Underscoring that every person has the right to be “free from torture” and “cruel, inhumane or degrading treatment”, UNAIDS, the agency dedicated to tackling the virus, and the UN Population Fund (UNFPA), the sexual and reproductive health agency, warned the new penal code, which came into force in the south-east Asian monarchy on Wednesday, “will have a significant negative impact on overall health and well-being” there.“These extreme and unjustified punishments will drive people underground and out of reach of life-saving HIV treatment and prevention services,” said Michel Sidibé, Executive Director of UNAIDS.The discriminatory laws further punish sexual orientation, same sex relations and reproductive health care. They will disproportionately impact women and create barriers to accessing health information and services, the agencies said.Every person, without any distinction on any grounds, has an equal right to live free from violence, persecution, discrimination and stigma of any kind – UNFPA chiefMr. Sidibé “strongly” urged Brunei to “suspend or repeal the amendments to the Shariah Penal Code”, which are based on an extreme interpretation of Islamic law, offering UNAIDS’ support to “ensure that laws are grounded in human rights, based on evidence and protect the most vulnerable”.Further criminalizing same-sex activities not only negatively impacts public health, but also increases stigma and gives license to discrimination, violence and harassment, they added.“Every person, without any distinction on any grounds, has an equal right to live free from violence, persecution, discrimination and stigma of any kind”, stated UNFPA Executive Director Natalia Kanem.The UN agencies cited evidence showing that criminalized communities are more vulnerable to violence, less likely to access necessary HIV and other health services, and less able to protect themselves against HIV infection.Moreover, they pointed out that criminalizing minorities also works against reaching the Sustainable Development Goals (SDGs), designed and agreed by 193 Member States, to leave no-one behind.     “Human rights are universal”, reminded Ms. Kanem. “Cultural, religious and moral practices and beliefs, and social attitudes must not be invoked to justify human rights violations against any group regardless of gender or sexual orientation”.Last December, Brunei called for improved data on key affected and higher-risk populations for greater outreach and better health-care provisions. The UN agencies criticized that Syariah Penal Code would undermine this endeavour.A dangerous trendBoth UNAIDS and UNFPA expressed concern over increasing conservative and discriminatory policies in a number of countries that risk violence, stigma and discrimination against people on the basis of gender, gender identity and sexual orientation.The noted that recent discussions with Governments in the Asia–Pacific region have highlighted the need to “put evidence-informed and human rights-based laws and policies in place”. The UN agencies stressed the need to repeal criminal laws against consensual adult sex and decisions on reproduction, adding that health services, including sexual and reproductive health services, must be “accessible, affordable and acceptable”.UNAIDS and UNFPA supported the calls of the UN High Commissioner for Human Rights and the open letter of the five UN Nations human rights mandate holders to “suspend the implementation of the revised penal code and urge all governments to protect the human rights of all people”.International outcryThe harsh laws include stoning for sodomy and adultery, limb amputation for theft and public flogging for abortion also criminalizes exposing Muslim children to any religion other than Islam.High-profile celebrities such as George Clooney, Ellen DeGeneres and Elton John, have called for a boycott of Brunei-owned luxury hotels, including the Hotel Bel-Air in Los Angeles and the Dorchester in London. read more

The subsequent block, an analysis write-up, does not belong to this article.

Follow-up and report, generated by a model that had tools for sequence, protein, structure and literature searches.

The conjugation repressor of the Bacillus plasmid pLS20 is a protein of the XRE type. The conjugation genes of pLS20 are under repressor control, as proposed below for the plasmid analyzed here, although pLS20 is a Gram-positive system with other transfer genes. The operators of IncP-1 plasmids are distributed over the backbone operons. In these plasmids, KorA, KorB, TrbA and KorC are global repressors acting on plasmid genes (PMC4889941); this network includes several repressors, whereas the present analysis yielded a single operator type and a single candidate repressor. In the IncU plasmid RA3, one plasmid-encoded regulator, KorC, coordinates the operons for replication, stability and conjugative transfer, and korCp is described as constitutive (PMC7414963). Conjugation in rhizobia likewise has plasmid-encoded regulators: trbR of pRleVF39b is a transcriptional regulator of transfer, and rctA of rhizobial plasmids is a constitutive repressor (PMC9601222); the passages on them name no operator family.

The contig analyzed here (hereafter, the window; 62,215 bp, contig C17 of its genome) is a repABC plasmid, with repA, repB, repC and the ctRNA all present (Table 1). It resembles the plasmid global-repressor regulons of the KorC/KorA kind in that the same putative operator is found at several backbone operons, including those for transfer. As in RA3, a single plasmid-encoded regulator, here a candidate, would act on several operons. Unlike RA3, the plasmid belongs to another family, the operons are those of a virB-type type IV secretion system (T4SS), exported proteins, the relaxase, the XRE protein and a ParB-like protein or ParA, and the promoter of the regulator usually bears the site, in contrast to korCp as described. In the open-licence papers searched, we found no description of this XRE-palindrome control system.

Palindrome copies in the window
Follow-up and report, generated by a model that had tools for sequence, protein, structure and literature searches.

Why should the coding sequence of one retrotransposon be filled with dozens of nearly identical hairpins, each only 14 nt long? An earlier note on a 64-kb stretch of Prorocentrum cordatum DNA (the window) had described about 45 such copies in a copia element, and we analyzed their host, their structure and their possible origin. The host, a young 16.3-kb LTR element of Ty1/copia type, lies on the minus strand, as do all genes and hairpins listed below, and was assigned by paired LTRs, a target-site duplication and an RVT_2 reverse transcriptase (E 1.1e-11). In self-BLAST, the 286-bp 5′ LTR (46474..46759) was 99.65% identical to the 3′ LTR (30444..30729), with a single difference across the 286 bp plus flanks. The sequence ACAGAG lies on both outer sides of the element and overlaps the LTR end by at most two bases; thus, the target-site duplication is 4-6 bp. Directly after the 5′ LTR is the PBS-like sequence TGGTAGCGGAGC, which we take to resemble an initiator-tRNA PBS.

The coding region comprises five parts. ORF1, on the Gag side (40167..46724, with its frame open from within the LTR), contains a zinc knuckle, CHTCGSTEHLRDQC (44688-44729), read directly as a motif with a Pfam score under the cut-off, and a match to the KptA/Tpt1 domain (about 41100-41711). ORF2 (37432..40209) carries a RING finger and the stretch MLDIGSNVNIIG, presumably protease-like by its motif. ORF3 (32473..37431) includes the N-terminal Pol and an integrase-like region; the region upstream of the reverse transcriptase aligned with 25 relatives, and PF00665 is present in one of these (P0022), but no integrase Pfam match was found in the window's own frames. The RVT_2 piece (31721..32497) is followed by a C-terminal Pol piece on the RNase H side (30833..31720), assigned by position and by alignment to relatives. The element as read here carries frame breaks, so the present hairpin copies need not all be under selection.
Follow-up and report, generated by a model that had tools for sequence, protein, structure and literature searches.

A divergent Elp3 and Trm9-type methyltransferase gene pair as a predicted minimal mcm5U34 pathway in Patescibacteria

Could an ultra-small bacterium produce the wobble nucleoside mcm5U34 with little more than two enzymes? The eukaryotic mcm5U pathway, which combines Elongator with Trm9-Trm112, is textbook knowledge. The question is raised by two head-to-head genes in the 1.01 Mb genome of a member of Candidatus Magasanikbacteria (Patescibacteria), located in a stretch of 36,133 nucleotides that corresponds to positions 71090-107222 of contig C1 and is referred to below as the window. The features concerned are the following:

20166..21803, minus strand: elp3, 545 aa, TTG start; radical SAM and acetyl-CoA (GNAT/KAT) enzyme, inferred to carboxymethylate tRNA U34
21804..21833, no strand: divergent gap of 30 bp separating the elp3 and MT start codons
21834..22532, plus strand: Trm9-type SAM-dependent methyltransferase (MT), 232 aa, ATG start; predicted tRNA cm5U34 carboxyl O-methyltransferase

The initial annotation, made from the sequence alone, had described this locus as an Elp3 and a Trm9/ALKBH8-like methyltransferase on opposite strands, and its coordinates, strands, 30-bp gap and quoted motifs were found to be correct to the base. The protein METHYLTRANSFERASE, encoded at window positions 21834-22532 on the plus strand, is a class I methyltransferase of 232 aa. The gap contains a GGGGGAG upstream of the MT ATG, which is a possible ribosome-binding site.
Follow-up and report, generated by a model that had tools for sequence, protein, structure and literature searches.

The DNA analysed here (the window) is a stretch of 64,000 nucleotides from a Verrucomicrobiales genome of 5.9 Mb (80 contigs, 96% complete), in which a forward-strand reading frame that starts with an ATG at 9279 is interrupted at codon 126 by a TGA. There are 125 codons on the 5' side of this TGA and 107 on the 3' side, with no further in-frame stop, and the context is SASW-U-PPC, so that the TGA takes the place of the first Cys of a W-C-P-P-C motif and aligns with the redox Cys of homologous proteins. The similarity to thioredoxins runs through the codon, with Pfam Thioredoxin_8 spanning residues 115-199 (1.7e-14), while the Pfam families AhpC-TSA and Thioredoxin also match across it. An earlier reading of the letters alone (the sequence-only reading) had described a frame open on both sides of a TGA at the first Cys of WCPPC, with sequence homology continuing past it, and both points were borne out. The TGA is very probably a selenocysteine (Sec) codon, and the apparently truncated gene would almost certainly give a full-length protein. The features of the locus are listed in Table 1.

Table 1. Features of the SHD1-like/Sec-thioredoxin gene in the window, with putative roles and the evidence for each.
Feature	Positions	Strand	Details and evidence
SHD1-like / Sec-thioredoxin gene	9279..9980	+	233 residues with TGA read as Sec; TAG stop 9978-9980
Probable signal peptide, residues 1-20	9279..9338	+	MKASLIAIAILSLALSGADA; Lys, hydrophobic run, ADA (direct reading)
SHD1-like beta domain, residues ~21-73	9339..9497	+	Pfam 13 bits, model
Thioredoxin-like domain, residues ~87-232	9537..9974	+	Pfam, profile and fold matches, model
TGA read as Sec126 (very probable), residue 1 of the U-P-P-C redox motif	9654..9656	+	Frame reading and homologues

Continue reading